Lorna Raine

CFO, George Weston Foods Limited

Lorna Raine Director CFO, GEORGE WESTON FOOD

Tell us about your career path

I qualified as a Chartered Accountant in South Africa and also completed my articles with KPMG. I always wanted to get out into a commercial role as soon

as the opportunity presented itself. My first job out of articles was with Malbak Limited, a company listed on the Johannesburg stock exchange.

When I got the opportunity to work for McDonald’s South Africa I jumped at that. The brand had entered South Africa after apartheid had been dismantled and I was very keen to work for a multinational with such a great brand. It was fantastic to be part of a business in its growth phase and at the helm of the finance function during that time.

In 2002 I was offered a role to work in Australia as planning and strategy director for Yum Restaurants International (brand owners of Pizza Hut and KFC). Both the role and working in Australia for another highly successful business was appealing. During the course of my time at Yum my career really developed – I was not only given the opportunity to further my finance career as CFO, I also moved laterally into operational roles that enhanced my skillset.

Working for Fairfax Media Limited was also an exceptional experience. I had never worked in an industry that was so disrupted. It was exciting to be part of a team that was developing a strategy to adjust the economic model to respond to the change in reader behaviour onto digital media.

More recently I joined George Weston Foods which is a large FMCG in the food manufacturing space as their CFO. The fact that these businesses are such low margin, high volume operations brings about a different set of challenges for the finance folk.   

What has been a career high?

My career high was being promoted to Director of Operations for KFC. After having transitioned out of finance into operations, it gave me confidence that I have the learning agility to take on other roles that are not necessarily pure finance roles.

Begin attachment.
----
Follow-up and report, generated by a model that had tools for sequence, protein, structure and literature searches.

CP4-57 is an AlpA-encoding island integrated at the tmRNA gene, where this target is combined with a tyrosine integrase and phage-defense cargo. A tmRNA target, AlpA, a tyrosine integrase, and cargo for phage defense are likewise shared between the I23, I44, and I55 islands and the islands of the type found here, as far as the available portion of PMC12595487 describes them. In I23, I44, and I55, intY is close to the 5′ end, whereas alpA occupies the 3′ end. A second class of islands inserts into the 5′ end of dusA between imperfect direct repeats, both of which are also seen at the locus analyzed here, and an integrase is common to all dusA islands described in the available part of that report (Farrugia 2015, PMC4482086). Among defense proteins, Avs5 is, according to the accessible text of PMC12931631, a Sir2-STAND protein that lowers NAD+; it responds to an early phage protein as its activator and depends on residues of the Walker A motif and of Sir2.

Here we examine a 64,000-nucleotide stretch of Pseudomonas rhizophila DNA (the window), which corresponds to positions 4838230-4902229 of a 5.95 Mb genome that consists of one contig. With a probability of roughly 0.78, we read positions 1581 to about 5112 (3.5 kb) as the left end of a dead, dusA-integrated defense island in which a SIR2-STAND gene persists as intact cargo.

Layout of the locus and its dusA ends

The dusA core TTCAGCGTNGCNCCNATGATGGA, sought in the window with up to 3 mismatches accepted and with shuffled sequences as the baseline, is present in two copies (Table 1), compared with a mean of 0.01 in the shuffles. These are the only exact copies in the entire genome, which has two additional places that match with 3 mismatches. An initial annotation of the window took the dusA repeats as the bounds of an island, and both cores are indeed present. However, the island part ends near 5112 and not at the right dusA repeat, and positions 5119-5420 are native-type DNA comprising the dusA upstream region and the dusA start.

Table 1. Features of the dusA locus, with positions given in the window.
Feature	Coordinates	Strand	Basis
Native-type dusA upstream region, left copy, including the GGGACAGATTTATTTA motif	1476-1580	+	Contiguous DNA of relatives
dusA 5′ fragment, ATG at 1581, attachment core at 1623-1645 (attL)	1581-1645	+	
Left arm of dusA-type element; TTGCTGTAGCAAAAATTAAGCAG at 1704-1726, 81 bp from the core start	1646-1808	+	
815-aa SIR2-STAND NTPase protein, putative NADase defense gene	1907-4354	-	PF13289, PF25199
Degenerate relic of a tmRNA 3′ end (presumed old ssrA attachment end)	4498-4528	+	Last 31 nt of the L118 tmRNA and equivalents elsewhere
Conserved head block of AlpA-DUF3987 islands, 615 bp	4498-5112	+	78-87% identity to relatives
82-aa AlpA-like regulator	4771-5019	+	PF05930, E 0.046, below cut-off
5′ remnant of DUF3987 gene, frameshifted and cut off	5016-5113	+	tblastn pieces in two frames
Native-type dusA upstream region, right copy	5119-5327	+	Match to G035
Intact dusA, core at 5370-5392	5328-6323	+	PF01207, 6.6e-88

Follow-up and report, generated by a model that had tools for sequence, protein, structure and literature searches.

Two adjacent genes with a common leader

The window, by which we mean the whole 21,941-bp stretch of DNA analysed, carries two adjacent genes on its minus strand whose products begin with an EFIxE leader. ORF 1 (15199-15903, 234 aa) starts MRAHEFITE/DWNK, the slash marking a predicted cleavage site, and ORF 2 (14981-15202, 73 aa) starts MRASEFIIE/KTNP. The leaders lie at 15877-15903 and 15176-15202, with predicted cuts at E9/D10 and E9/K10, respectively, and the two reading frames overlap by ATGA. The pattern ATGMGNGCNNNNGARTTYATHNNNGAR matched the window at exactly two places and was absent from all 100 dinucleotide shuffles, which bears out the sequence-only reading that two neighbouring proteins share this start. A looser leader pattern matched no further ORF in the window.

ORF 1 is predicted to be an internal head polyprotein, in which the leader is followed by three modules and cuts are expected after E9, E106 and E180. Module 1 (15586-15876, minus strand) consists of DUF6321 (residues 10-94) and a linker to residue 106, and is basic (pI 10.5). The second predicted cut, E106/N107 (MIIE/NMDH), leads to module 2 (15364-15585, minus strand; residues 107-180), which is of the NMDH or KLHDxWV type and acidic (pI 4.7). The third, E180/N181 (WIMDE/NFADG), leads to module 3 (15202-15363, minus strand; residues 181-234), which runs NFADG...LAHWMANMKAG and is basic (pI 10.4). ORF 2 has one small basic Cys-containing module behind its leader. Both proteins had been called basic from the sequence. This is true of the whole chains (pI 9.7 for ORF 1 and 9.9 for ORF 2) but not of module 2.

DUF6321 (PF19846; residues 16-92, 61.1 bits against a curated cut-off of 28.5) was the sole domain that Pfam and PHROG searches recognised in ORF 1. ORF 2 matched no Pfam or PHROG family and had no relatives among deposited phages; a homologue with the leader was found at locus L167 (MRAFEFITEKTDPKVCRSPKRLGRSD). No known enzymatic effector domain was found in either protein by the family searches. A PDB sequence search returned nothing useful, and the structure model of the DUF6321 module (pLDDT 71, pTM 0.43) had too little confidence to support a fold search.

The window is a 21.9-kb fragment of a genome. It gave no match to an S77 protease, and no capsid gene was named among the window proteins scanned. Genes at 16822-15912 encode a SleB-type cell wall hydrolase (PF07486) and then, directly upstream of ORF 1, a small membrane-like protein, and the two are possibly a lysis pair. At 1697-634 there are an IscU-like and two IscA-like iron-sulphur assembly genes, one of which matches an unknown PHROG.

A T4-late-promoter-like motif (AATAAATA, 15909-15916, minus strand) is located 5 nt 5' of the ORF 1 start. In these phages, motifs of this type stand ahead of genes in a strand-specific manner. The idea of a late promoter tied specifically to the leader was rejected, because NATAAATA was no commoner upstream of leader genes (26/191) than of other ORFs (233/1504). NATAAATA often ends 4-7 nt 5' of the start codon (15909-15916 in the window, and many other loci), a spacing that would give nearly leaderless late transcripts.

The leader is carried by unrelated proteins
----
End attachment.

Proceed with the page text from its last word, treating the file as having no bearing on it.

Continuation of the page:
How has the CFO role changed over the last decade?

Ensuring the business has an accurate set of accounts is really only the tip of the iceberg now. CFOs really need to be well rounded individuals who are capable of partnering with the CEO to develop and execute against the business strategy. Managing and dealing with complex people agendas and being part of the talent management process is also key.

What further changes do you anticipate?

I think the rate of change is not going to slow. CFOs need to be prepared to deal with the complexity and ambiguity that brings.

How far out can a CFO plan, given the pace of change at present?

We certainly still plan three years out, especially given some of the big capital investments we make. I think the change is more about monitoring the strategy and understanding whether changes in the external and internal environment require adjustments to the plan … we cannot just “set and forget”

Who was your most influential mentor?

Roger Eaton who was CEO of Yum Australia. He really backed me to explore an operational role and develop myself holistically, not just in finance.

How do you switch off?

I enjoy playing the piano. I also really enjoy exercising – a spin class is my favourite way to de-stress.

What would you say is the best business book?

Stephen Covey’s The 7 Habits of Highly Effective People.  It has some fundamental principles that are timeless.

What was the best advice you ever received?

Back yourself.

Can you share a networking tip?

Be genuinely curious. People love chatting about themselves so if you are genuinely interested in them it’s a great way to start to build a relationship.

Interested? Learn more about our Mentoring Program.

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